Sophie again. I won't attempt to answer this for anyone except myself. Miss Nagy is right, there are various dilemmas facing Juliette... I was thinking about it in a very general sense, that most (not all) of the dilemmas are caused by restraint and duty towards her family (Tybalt doesn't count here). In our culture and generation I think love is much more accessible to most people than it is to Juliette (we can usually choose our boyfriends and don't have to marry them to make the point).
And as for stories about love... aren't we getting satiated with them? It's become one of those things that's great fun to do, but kind of vomit-worthy to watch, and banal to talk about.
For me the emotional trip about Juliette comes from the clash between Juliette's brave and active character, and the tragic end it leads her to. What are we supposed to make of this? Is inactivity safer and therefore better, or is it more admirable to fight passionately at all costs. Is Juliette a hero or a fool? Depends on the reader...
Even if it seems like she takes a lot of instinctive, passionate action with very little thought, one of the things I really like about Juliette is that she does take time to reason - in her own way - about all her reactions and emotions. We see that she's brave, because she acts, even while admitting that she's terrified of the act and uncertain of the outcome. At the news of her cousin's death she holds back her tears and sits down to look at the situation from different points of view and weigh up her options about what to do next. And then she always does the thing that is either (depending on the reader) very admirable or totally daft... she acts.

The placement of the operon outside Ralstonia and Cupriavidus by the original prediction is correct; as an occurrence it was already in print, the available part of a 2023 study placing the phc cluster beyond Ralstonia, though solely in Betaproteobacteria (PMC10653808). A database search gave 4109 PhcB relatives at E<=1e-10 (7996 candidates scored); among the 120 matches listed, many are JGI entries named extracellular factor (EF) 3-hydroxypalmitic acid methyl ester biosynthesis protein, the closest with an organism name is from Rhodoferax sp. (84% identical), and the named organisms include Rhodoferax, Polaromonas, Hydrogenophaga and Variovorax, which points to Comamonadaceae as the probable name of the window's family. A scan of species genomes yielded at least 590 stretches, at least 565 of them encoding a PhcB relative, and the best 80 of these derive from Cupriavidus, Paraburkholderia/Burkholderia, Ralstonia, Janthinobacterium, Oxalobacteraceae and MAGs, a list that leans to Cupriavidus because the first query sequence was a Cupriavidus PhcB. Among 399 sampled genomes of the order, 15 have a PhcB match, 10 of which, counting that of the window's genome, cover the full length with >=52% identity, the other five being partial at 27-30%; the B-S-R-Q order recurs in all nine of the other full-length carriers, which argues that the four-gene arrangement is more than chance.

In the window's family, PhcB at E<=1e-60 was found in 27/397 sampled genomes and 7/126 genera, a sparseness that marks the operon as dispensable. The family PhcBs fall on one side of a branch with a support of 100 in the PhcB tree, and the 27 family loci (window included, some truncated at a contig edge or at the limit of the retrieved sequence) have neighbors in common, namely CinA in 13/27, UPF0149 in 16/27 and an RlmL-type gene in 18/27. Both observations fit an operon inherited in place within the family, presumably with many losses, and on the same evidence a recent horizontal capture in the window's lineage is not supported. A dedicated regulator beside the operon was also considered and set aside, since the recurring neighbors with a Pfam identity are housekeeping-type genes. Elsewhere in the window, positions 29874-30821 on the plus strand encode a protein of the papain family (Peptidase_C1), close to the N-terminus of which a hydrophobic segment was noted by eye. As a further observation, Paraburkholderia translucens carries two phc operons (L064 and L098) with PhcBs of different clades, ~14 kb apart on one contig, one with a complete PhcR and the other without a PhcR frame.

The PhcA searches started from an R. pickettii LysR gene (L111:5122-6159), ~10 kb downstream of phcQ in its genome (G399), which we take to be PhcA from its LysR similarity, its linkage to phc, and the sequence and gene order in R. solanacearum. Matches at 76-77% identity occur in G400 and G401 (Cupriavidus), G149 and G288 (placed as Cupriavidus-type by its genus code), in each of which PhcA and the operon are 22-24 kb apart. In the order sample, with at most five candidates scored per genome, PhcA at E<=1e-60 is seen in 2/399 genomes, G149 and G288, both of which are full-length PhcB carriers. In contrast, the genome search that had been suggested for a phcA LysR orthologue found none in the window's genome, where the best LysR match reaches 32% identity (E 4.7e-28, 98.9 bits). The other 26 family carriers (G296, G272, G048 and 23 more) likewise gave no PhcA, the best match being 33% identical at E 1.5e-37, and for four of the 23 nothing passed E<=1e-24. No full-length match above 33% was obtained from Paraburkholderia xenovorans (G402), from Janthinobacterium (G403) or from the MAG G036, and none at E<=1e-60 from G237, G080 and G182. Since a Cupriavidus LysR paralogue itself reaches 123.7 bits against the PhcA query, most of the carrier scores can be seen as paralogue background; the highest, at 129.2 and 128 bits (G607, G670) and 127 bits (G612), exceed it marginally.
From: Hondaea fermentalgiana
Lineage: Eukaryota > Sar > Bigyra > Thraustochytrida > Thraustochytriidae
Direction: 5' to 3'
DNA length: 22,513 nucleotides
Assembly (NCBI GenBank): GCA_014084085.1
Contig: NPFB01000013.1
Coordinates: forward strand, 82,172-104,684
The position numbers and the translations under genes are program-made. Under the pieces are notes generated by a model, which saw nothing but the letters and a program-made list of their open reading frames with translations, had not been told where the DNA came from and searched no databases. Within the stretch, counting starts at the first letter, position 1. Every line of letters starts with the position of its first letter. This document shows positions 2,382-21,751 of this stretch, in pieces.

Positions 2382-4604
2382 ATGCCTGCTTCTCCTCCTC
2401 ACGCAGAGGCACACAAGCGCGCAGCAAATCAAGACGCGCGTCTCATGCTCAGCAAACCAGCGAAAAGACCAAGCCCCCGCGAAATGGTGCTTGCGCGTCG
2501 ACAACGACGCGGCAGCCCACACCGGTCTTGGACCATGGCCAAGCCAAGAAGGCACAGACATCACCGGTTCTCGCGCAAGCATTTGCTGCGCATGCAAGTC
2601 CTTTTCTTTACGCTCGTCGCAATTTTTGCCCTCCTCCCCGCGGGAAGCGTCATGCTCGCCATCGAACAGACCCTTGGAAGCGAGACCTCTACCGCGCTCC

For me, this is a relevant question to pose to myself, my culture, my generation. To be driven into passion and action in search of an ideal is dangerous. We probably don't need Juliette to show us that. To be swamped into inactivity and nihilism by caution or insecurity, well... is it better?
If I was in Juliette's situation- not that I'd know unless I really was, but I imagine- I think it's likely I'd never have married Romeo. What about others? (Another question I'd love answers to...sorry.)